Lewis Watson – It’s Got Four Sad Songs On It BTW EP (Review)

It’s been a long time in the making, but tomorrow finally marks the release of singer/songwriter Lewis Watson’s debut EP, the imaginatively titled “It’s Got Four Sad Songs On It BTW”. Stemming from little more than three years of uploading videos to his ever-expanding YouTube channel, this record is the culmination of hard grafting at gigs and writing new material.  Since opening said account back in 2009, it has gone on to rack up nigh on 3,000,000 views – and Lewis himself an almost worryingly devoted fan base… all of which is pretty impressive for an entirely home-grown project, and the fact that he’s still attending college. I’ve been following this guy for the best part of a year, and the constant evolution in his sound and maturity in his voice is almost mind-blowing. YouTube residing musicians are always in danger of the falling victim to the curse of their own internet success, but this EP looks set to draw Lewis away from that, instead becoming a legitimate, record-shifting musician. I managed to wrangle a pre-release listen to the eagerly anticipated record, and the good news is that it doesn’t disappoint.

Straight from the reverb-inflected guitar which haunts the beginning of the opener “What About Today” to the descending melody underlying “Nothing“, it is a collection of four outstandingly written love songs, all tinged with their own unique types of melancholy. There’s something ever so Ian Grimble-esque about the production as well (shouts to tBeat behind the boards for the EP), especially his work on Benjamin Francis Leftwich’s debut album Last Smoke Before The Snowstorm. The aforementioned “What About Today” is an introductory track that sets the mood for the rest of the record: a delicate acoustic guitar part is back with equally raw harmonics that have an almost choral tendency. It’s a classic tug-at-the-heartstrings track that showcases Lewis’ exceptional aptitude for songwriting, as he ushers in the chorus of “you loved me last night, but what about today?”.

The EP then progresses on to “Windows“, which sees a slightly more optimistic dimension to Lewis’ songwriting, with the accompaniment and production invoking visions of a late-night beach at summer. Those hushed vocal tones are flexed once again, contrasting beautifully the stunning harmonies. But while that guitar melody encapsulates an entirely more positive atmosphere, there is heart-felt emptiness which is conveyed so emotionally through his words. There’s almost a reassurance in the lyrics here, but with that trepidation and unknowing that comes with a relationship. He means every word he sings, and that sense comes through in this song more than ever: “I sleep with a pillow, under lamplight/ Freezing cold, ’cause you always liked the windows opened wide/ Just so you know, I’ll be here when you get home.”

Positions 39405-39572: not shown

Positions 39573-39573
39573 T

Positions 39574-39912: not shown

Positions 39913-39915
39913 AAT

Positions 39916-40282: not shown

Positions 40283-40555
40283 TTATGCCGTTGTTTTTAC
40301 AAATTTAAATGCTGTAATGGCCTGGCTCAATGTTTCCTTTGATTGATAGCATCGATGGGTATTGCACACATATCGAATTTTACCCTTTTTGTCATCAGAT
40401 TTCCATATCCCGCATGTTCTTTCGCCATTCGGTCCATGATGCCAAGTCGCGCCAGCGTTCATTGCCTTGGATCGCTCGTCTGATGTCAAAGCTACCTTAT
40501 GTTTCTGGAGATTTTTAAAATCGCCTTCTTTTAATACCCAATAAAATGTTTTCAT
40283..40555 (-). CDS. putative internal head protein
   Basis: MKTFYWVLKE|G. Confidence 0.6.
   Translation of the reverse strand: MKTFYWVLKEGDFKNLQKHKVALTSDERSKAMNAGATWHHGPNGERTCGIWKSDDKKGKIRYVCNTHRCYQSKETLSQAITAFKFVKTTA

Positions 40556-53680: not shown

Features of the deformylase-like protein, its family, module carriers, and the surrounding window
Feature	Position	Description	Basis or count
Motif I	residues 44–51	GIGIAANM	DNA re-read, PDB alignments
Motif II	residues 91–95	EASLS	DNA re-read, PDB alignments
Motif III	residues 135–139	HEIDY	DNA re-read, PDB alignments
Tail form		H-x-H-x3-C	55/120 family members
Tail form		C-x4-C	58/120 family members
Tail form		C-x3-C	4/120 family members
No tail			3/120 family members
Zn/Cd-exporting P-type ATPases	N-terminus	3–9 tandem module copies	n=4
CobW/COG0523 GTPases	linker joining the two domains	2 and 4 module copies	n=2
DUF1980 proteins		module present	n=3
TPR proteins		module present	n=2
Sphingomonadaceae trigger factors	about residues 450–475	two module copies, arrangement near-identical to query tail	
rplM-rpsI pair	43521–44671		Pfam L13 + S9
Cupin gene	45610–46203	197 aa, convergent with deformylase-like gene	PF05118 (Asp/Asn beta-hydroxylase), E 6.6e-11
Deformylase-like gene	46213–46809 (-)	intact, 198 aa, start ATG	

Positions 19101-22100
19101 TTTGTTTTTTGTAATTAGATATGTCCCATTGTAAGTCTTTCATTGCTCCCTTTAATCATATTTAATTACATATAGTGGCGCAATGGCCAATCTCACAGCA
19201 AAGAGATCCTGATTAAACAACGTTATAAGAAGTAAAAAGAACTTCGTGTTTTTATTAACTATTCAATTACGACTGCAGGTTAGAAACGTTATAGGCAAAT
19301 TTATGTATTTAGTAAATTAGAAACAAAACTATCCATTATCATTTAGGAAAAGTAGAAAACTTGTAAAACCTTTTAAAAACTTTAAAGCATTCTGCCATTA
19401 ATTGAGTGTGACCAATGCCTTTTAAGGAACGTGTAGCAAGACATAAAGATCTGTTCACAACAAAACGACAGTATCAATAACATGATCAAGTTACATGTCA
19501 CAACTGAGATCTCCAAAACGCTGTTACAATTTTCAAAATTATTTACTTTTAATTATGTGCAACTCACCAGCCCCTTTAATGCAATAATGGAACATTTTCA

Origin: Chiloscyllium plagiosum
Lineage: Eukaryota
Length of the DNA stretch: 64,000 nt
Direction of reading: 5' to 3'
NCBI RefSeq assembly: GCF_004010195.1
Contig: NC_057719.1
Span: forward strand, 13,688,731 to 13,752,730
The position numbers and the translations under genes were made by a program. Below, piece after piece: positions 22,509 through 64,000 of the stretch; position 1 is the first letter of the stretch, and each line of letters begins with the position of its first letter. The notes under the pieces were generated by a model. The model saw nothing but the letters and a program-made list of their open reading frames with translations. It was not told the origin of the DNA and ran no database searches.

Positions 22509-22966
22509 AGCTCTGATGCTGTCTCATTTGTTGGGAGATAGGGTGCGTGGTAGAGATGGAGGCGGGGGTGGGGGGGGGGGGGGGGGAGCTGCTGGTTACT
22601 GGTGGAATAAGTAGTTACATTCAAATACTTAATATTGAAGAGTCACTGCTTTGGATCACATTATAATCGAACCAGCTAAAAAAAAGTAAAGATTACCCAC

Following this, comes one of Lewis’ most popular original tracks, the fantasically-written “Bones“. I remember watching the original video for this track the night that he uploaded it, and just being entirely blown away by it. It’s refreshing to see that there hasn’t been a single whiff of overkill on the production side of things, allowing the original composition to take centre-stage. Countless listens do this song absolutely no harm, and that guitar melody is as prevalent and blissful as ever. Written about “the rush of meeting someone new”, the lyrics “We could jump in the ocean and sink like stones/ But that’s ok with me baby ’cause I’ll be next to your bones” fit the mood of the piece perfectly, developing on the kind of despondancy-infused songs that this EP is composed of.

Ending emphatically, the record finishes with the aptly-titled “Nothing“, probably my favourite track off the EP, and one which is going to down as a future classic for this guy. Straight from that heart-wrenchingly descending guitar line which opens the song, it’s an emotionally driven piece which allows for a delicate and fragile end to an incredible record. Lewis described it as “a slightly happier love song” to round off the release, with the line “as they take you away…” drowning in the soft guitar and piano which rounds the track – and the EP – off.

One of the releases of 2012 so far. Having been backed by the likes of Ed Sheeran, Krept & Konan, Scrufizzer and Nina Nesbitt all in the past 12 months, only God knows where he’s going to be this time next year. Hopefully this record will act as a platform for even greater things in the near future.

“It’s Got Four Sad Songs On It BTW”, but I love it with all my heart nonetheless.

Rating: ★★★★★

“It’s Got Four Sad Songs On It BTW” is available to download from iTunes HERE.

Lewis Watson on Facebook/Twitter/YouTube

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2 responses to “Lewis Watson – It’s Got Four Sad Songs On It BTW EP (Review)

  1. I couldn’t agree more with this review, lewis is inspirational and exceptionally talented. he deserves to be in the charts, he is perfect.

  2. Pingback: Liebster Blog Award! « anomnom·

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